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How to Use Love and Accountability to Play Great Chess

chessiq
Jul 4, 2007, 10:39 AM 3

I read somewhere - may be I saw a cartoon - that Bobby Fischer loved his pieces. From what I can remember, he was breathing life into a pawn. I think the commentary said that you could see/feel the love/pain he felt for his pieces. I may be off a little bit on the details. However, I thought I would share what I thought about this. Using love and accountability as a way to play great Chess.

First, let us imagine several scenarios.

1. You are a general of an Army and you have to send your men and equipment into war. For every death and injury of a soldier, you have to explain it to the loved ones. For every loss of equipment or territory, you have to explain it to the Commander in Chief and the Nation.

2. You are the head of your family. Your life and the lives of your loved ones depend on the decisions you make. You are participating in a competition that will determine how much money you make, how long you live, how easy it will be to see and communicate with your loved ones.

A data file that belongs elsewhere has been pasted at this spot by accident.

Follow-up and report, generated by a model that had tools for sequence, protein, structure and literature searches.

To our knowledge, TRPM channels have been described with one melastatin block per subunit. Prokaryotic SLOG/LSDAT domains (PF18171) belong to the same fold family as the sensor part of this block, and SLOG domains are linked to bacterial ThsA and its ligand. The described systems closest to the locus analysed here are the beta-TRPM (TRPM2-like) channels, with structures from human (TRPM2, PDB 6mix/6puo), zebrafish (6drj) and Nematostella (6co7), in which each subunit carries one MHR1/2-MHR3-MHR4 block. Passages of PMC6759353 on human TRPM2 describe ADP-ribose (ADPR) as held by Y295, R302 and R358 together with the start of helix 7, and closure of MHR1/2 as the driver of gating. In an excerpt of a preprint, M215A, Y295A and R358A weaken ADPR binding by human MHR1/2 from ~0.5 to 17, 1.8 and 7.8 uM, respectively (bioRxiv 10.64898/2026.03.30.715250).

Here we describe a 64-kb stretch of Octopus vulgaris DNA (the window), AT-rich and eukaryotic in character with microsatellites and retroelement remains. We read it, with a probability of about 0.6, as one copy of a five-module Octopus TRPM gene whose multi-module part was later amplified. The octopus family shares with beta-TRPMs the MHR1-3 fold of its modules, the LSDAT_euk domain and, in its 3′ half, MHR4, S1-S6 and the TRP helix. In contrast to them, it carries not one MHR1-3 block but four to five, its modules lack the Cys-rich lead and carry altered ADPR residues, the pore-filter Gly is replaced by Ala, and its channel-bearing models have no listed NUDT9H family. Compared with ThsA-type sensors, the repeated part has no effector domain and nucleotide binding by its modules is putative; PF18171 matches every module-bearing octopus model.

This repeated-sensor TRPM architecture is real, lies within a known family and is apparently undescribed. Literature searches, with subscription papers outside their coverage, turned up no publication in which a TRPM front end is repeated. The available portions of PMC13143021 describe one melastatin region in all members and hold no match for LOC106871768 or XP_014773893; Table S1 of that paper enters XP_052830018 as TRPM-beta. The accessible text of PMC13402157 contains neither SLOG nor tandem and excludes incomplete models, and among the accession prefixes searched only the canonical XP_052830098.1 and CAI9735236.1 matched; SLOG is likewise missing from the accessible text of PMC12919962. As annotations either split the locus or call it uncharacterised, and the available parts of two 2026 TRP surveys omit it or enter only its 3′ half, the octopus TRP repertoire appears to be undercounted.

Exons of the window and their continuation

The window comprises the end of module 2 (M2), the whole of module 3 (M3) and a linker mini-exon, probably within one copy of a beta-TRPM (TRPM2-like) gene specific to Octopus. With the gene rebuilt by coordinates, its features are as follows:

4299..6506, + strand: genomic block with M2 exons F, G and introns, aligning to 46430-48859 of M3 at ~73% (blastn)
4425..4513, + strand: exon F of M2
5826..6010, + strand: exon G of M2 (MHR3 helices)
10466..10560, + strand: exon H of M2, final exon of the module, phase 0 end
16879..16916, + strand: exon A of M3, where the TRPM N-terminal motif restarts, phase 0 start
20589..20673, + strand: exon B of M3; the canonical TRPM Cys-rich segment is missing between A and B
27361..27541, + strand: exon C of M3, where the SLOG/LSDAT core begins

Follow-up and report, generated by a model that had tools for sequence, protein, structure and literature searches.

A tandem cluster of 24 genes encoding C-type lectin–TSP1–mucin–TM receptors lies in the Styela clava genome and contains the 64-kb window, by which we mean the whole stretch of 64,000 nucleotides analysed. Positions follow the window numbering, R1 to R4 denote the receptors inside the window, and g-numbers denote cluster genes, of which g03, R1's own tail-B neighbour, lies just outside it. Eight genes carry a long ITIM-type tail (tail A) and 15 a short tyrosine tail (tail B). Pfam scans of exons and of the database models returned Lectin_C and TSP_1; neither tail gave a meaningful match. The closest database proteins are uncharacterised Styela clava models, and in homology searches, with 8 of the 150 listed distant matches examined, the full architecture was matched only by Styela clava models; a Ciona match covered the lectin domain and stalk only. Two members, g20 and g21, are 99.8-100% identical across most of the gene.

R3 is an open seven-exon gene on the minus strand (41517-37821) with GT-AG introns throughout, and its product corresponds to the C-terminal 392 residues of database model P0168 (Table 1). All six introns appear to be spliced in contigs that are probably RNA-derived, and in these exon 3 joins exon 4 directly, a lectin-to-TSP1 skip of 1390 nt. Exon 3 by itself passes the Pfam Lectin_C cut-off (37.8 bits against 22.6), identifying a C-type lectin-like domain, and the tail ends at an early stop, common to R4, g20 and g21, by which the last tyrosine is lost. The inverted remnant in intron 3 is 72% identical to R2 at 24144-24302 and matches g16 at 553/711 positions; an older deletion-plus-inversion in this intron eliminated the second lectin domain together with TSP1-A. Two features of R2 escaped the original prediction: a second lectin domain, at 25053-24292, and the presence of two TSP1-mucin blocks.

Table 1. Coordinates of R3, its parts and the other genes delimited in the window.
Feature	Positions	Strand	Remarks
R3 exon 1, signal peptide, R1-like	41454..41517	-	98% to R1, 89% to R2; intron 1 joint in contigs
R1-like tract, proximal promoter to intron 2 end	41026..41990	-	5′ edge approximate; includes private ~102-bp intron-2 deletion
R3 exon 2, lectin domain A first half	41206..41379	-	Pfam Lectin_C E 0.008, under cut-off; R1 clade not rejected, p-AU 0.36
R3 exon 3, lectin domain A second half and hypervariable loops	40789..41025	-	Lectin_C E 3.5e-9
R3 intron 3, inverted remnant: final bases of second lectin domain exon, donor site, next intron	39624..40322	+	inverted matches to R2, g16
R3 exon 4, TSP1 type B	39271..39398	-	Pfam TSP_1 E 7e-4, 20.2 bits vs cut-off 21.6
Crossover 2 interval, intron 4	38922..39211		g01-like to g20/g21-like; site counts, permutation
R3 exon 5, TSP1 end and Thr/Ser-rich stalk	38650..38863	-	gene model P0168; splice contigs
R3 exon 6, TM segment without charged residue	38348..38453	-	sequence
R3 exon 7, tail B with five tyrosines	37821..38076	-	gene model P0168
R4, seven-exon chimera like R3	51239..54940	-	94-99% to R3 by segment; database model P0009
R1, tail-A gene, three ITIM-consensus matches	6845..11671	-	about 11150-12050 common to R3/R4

3. You are the CEO of a corporation. You have worked your way up. You have to lead your company to success, however success is defined.

Ok, the first three scenarios illustrate the accountability that comes with ownership and responsibility for your decisions and actions. Once you up the level of all these, the thought, consideration, commitment, etc that you put into your decision changes.

4. Think back to your life so far. Who do you trust? Who have you trusted? What did the person or people do to earn your trust? If you have kids, do they trust you? If they do, why do they trust you?

In the fourth scenario, in my case, I trusted people who I felt cared for my well-being, had proven to me that they cared for me by the way they treated me. I know Chess pieces don't think. But if they did, would they trust you with their life?

I think that if you look at Chess pieces a different way,  instead of looking at them as wood or plastic, look at them as your men in combat, your 'family', your employees, ... you will change how you move them around. and if you look at yourself a different way. If you look at yourself as an Army General, a CEO, a Leader, a Head of Household... the quality of your decisions/moves change completely.

Of course, this will not apply to the casual player, but for someone seriously thinking about becoming a very good player, Chess pieces will no longer be pieces of wood or plastic. There will be a life element in it. They will take all life lessons and apply them to their game.

That's how I think one can use love and accountability to play great Chess. 

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